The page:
Give it a shot.

          Jim
          "Made are tools, and born are hands"--William Blake, 1757-1827

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          • #6
            Re: Nice bread slash

            Jim,
            Let me make sure I have this right.
            1. Bulk fermentation.
            2. Form boule and into banneton (seam side up)
            3. Into the refrigerator overnight (no final proofing)
            4. Next day, straight into the oven.

            Is that right? I am baking today, so the timing is perfect for overnight proofing.

            James
            Pizza Ovens
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            • #7
              Re: Nice bread slash

              James,
              I am no pro baker...but I am a pro golfer...so I like your golf reference in the other post... I just do an awful lot of research and work at it. Being a former New Yorkers living in rural Mississippi my wife and I have had to learn to make a lot of things for ourselves. I might be turning into a pro-baker/pizzaiolo/chef etc etc...as my wife wants us to open a cafe here where we live. I am definitely going to have wood fired pizza from an oven I will build. May also build a second barrel vault for baking and roasting...not totally sure yet. Your baguettes were really nice! I have made ciabatta with that same method. Cut off the sides and shape baguettes and then cut the middle into a couple of slippers. Not the same texture as ciabatta but a nice loaf never the less.

              Jim
              I am definitely going to try your bulk fermentation schedule. I often thought of that as a possibility but was never quite sure enough to try. I will be sure to post results when I have them.

              All the best!
              Dutch
              "Making the simple complicated is commonplace; making the complicated simple, awesomely simple, that's creativity. " Charles Mingus
              "Build at least two brick ovens...one to make all the mistakes on and the other to be just like you dreamed of!" Dutch

              Comment


              • #8
                Re: Nice bread slash

                Dutch,
                Here I am slaving away at tennis lessons, and we have a pro golfer among us. Can you tell us more? I'm having real trouble with my backhand. Wait, wrong sport.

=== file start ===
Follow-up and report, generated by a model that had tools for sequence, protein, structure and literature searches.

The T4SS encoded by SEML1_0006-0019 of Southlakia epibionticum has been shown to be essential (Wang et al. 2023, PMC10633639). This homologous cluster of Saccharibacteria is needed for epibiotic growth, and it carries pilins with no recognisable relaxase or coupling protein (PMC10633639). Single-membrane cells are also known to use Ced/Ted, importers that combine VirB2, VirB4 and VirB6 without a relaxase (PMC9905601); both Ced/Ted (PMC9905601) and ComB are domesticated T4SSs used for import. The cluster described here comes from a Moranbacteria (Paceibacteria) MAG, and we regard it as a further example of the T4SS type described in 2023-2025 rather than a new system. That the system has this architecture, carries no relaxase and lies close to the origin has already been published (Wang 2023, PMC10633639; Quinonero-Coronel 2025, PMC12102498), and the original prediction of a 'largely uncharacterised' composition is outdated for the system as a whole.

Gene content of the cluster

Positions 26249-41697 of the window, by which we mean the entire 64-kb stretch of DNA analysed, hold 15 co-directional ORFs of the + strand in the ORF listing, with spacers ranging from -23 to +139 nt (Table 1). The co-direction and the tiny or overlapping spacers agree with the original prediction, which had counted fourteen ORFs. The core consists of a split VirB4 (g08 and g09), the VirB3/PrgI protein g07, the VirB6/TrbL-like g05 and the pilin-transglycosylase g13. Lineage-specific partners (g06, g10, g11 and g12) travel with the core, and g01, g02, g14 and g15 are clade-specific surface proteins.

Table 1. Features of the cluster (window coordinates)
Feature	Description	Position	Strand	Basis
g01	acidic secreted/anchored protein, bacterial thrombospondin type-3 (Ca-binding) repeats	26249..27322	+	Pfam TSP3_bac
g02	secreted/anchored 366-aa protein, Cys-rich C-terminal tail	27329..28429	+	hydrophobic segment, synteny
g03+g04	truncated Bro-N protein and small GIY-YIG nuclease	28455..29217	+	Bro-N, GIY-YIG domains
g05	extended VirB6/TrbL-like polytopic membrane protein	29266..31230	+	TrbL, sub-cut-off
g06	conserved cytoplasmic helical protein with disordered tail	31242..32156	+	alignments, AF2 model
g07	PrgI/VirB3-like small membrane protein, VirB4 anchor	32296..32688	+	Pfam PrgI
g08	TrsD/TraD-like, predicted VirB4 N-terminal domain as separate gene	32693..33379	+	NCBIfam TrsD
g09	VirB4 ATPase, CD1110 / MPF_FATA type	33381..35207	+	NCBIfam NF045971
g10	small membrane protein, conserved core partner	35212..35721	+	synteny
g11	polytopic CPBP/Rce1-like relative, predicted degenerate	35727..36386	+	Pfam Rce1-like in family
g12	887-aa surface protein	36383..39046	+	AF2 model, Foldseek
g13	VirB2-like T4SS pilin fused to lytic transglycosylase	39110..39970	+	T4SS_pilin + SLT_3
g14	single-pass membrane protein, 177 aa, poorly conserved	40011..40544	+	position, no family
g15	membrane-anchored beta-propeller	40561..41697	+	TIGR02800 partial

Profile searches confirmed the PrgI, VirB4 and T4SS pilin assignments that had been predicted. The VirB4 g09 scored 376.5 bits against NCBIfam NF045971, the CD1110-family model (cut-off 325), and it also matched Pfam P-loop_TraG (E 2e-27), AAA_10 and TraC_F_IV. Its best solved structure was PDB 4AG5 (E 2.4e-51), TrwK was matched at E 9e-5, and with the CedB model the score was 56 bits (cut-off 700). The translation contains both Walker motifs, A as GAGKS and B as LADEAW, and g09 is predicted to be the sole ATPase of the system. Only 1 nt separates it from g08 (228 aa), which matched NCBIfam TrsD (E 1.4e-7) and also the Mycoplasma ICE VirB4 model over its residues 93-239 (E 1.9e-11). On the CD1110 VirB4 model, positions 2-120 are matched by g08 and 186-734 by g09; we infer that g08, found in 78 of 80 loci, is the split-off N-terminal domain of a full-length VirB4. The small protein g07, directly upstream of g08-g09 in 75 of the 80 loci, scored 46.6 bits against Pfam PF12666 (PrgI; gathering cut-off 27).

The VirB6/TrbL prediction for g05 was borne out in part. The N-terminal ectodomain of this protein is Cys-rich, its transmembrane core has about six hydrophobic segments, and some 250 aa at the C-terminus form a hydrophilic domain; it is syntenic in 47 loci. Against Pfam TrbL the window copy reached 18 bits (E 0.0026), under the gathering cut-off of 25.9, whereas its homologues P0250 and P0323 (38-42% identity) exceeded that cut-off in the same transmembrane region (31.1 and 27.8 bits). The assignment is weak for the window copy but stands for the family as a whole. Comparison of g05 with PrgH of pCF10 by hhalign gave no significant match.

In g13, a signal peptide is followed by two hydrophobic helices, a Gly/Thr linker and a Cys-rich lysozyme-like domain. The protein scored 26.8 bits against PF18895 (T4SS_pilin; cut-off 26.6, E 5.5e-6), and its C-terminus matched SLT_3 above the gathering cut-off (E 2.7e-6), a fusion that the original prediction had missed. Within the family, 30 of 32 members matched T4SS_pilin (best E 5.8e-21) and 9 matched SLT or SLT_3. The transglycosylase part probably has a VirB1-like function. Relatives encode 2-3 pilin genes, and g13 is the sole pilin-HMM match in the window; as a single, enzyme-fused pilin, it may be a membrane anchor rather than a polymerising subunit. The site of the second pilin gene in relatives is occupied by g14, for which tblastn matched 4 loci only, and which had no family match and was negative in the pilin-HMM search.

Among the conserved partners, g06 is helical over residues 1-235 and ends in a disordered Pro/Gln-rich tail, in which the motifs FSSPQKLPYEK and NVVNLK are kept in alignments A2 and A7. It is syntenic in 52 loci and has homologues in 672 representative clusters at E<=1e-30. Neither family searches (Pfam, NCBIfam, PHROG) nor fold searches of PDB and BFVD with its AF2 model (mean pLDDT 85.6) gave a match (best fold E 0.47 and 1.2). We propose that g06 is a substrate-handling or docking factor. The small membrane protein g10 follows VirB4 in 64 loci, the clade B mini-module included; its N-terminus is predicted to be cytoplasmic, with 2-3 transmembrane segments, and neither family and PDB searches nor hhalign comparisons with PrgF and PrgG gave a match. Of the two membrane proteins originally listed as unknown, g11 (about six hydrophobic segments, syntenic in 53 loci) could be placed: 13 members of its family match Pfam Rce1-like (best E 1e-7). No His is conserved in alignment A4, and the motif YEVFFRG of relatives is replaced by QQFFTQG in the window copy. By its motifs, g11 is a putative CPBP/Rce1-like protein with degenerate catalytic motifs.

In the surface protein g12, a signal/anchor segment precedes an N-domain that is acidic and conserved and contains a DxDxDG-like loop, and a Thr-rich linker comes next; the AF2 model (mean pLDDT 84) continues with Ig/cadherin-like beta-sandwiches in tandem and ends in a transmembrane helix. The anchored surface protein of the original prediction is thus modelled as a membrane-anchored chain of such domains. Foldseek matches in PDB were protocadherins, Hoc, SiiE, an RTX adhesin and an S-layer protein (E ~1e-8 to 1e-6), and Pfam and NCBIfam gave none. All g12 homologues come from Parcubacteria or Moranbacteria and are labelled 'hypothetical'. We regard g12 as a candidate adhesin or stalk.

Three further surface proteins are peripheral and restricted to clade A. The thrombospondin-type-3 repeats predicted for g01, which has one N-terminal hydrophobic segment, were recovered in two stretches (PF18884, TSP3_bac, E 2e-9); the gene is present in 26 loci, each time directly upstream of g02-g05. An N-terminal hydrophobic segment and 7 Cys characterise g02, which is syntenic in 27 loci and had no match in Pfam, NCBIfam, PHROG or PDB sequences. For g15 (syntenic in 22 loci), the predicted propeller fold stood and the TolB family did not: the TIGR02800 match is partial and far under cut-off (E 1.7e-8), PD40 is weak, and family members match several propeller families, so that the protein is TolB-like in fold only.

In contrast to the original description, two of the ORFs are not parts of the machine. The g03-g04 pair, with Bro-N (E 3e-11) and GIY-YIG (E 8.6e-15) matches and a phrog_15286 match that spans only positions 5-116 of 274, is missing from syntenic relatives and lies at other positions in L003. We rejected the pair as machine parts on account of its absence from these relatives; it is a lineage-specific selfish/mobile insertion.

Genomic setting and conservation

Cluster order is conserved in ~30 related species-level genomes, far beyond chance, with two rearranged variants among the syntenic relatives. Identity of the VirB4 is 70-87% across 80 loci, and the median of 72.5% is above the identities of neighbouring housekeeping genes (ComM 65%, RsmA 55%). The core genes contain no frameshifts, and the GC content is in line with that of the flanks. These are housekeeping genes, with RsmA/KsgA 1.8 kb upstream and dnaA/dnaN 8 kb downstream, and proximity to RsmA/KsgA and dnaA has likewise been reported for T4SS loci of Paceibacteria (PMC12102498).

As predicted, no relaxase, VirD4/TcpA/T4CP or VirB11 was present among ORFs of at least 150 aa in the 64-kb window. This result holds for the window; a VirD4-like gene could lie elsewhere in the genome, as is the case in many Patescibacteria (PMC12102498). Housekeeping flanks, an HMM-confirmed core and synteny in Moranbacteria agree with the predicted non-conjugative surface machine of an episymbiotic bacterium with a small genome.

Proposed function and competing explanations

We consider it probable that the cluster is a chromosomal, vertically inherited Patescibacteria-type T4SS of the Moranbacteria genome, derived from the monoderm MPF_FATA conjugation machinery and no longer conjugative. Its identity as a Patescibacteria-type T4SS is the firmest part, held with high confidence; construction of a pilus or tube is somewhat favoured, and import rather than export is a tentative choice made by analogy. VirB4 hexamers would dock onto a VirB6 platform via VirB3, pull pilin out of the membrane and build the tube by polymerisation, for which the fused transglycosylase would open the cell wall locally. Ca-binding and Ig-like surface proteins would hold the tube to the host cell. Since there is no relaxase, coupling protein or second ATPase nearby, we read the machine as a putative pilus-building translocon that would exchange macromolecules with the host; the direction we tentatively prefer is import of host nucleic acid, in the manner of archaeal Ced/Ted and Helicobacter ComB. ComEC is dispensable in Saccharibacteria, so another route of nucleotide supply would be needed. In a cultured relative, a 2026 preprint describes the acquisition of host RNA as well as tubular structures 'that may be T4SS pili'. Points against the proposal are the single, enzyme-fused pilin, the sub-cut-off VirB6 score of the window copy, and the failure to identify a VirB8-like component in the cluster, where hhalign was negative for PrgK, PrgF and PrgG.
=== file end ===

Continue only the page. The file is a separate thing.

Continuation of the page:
Keep us up to date on the bakery - sounds fun. NY to MS, now that's a trip.

                I am following Jim's instructions, and as of 10:20PM, I have a chilled boule in the refrigerator since 4PM -- and it has risen to fill the banneton, despite the cool temperature. Tommorow AM it's into the dutch oven. More to come on that.

                Jamess
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                • #9
                  Re: Nice bread slash

                  I look fore-ward to the results. I think it is great also that you are baking in a "Dutch oven." I don't play the tour, I am a club professional well, really a golf instructor is the probably the best definition. Should open a section for golf tips on the site ;-)
                  Best
                  Dutch
                  "Making the simple complicated is commonplace; making the complicated simple, awesomely simple, that's creativity. " Charles Mingus
                  "Build at least two brick ovens...one to make all the mistakes on and the other to be just like you dreamed of!" Dutch

                  Comment


                  • #10
                    Re: Nice bread slash

                    James,

                    Just busy, hence the delay. You have the order correct. The boule will rise fully, as you've already seen. It's one of the key methods to manipulating time with wood-fired bread. When the oven's ready, the bread is ready. Let me know how you make out. One side benefit is that it's much easier to slash cold dough than warm. Don't be afraid to cut fairly deeply.

                    Jim
                    "Made are tools, and born are hands"--William Blake, 1757-1827

                    Comment


                    • #11
                      Re: Nice bread slash